As skylarks hang overhead applauding your last shot, buzzards swing through your field of view, and kestrels hover politely during your backswing, you may be surprised to hear that links golf courses are not universally viewed as being havens for our native wildlife. There is an old persistent argument which maintains that golf courses have a negative effect on natural habitats and the environment. Links golf courses have in the past had a bad reputation amongst the purists of habitat conservation and applied ecologists. The vast majority of sand dune studies exclude links golf courses, deeming them too modified to truly represent sand dune habitat. Even today newspapers periodically lambast golf courses on their disdain for the environment.
This dune system hosts Open qualifying courses as well as the only haven for the very rare Bedstraw Broomrape.
It is true that you are unlikely to see (or want to see) orchids poking out of the fairway or sand martins in your bunker, but links courses are mostly made up from out of play, semi-wild areas. Typically 60-70% of a golf course could be out of play. This swathe of wilderness can both shelter a huge range of rare animals and plants, and look after your ball after that perfect tee shot that the wind took hold of. If you add in the fact that over 35% of sand dunes in the UK are links courses, then golf has a lot to offer to this fragile habitat.
At this point you may be thinking, ‘but what can we do to make our links courses even better for wildlife?’ It turns out that different sand dunes respond to different types of management, and the only way to find out what to do in different situations is through research into the effect of management.
A joint project between Canterbury Christ Church University, Natural England, Royal Cinque Ports Golf Club, Royal St George's Golf Club and Princes Golf Club investigated dune ecology/hydrology and management at the 520 hectare links complex at Sandwich Bay, Kent. This dune system hosts Open qualifying courses as well as the only haven for the very rare Bedstraw Broomrape.
From this work we now know that site specific management can turn around a dune system and squeeze the last drop of conservation value from it, without affecting the enjoyment of golfers. Within a three year period the changes in management have reverted the SSSI status of the Sandwich dune systems from unfavourable plant communities to recovering habitat. This rapidity of change is unprecedented for recovery of a sand dune system.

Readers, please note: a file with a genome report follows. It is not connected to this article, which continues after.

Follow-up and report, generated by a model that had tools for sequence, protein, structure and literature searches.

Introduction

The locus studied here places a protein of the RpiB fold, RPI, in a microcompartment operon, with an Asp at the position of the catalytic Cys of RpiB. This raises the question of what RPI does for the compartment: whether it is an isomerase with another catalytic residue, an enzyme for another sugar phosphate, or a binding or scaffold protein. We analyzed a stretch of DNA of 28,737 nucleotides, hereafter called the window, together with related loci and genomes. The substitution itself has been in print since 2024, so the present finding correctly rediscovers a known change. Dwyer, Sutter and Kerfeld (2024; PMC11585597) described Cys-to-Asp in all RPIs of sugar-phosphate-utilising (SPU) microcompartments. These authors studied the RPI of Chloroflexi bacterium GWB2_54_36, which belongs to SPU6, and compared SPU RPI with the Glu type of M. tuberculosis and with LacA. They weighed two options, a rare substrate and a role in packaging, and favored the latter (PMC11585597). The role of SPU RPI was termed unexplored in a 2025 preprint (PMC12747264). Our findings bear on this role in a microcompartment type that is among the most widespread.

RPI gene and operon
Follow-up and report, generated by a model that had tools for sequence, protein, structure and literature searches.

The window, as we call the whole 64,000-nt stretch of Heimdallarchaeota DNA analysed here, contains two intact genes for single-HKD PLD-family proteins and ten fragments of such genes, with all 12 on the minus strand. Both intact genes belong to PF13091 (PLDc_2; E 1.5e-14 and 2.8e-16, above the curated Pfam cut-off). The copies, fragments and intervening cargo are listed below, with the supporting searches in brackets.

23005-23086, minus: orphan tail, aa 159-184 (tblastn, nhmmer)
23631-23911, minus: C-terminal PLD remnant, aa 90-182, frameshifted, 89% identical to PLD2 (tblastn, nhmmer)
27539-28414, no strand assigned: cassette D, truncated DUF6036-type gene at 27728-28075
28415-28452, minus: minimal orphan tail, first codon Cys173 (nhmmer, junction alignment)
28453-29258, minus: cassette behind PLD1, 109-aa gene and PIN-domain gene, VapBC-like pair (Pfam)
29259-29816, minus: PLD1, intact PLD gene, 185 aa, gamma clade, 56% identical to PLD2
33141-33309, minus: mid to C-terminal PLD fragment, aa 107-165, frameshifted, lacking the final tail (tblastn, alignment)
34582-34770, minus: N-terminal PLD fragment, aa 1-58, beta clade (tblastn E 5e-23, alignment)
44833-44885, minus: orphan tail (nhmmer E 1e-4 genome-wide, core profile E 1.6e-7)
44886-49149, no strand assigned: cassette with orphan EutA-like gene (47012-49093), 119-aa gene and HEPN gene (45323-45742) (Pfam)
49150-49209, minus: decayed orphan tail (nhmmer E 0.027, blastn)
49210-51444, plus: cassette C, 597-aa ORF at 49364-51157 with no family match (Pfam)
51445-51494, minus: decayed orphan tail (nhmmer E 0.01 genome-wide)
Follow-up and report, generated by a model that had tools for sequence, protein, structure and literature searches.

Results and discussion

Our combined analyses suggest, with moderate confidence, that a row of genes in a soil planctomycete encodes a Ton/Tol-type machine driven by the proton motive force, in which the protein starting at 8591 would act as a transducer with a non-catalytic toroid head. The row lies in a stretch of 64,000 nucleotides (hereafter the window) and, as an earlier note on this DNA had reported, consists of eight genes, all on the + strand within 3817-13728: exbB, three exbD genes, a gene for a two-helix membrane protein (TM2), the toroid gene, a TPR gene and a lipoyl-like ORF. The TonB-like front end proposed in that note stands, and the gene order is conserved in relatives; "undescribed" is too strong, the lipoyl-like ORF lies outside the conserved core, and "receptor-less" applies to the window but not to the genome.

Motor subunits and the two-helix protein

Changes in management such as burning the dried grasses were found to work best in some situations to encourage rare species. In other situations, scraping the vegetation from the surface of the sand dune showed better results. Using research to optimise sand dune management can also make this management less labour intensive and less costly.
Just leaving the sand dunes alone can be a disaster, both ecologically and economically, as the ground is eventually taken over by the sort of grass you might find in your typical play-park. Then all the rare sand dune grasses, orchids and sand dune specialist animals get crowded out. Once you factor in the effect of different management regimes, geographical location, elevation and water table heights (you can get sand dunes that are surprisingly wet), you are left with a number of new questions to answer, such as, what are the best management techniques for lower lying, wet or more saline dune systems? An extension to the Sandwich Bay project is now in development and includes participation from a number of additional courses which host The Open, we hope to find some answers by visiting different types of sand dune across the UK and widening the knowledge we gained at Sandwich Bay. Watch this space!
If you wish to support this project or you are interested in the research work undertaken to date please feel free to contact me at email@example.com or firstname.lastname@example.org
The views expressed in this article are those of the author and not those of the R&A.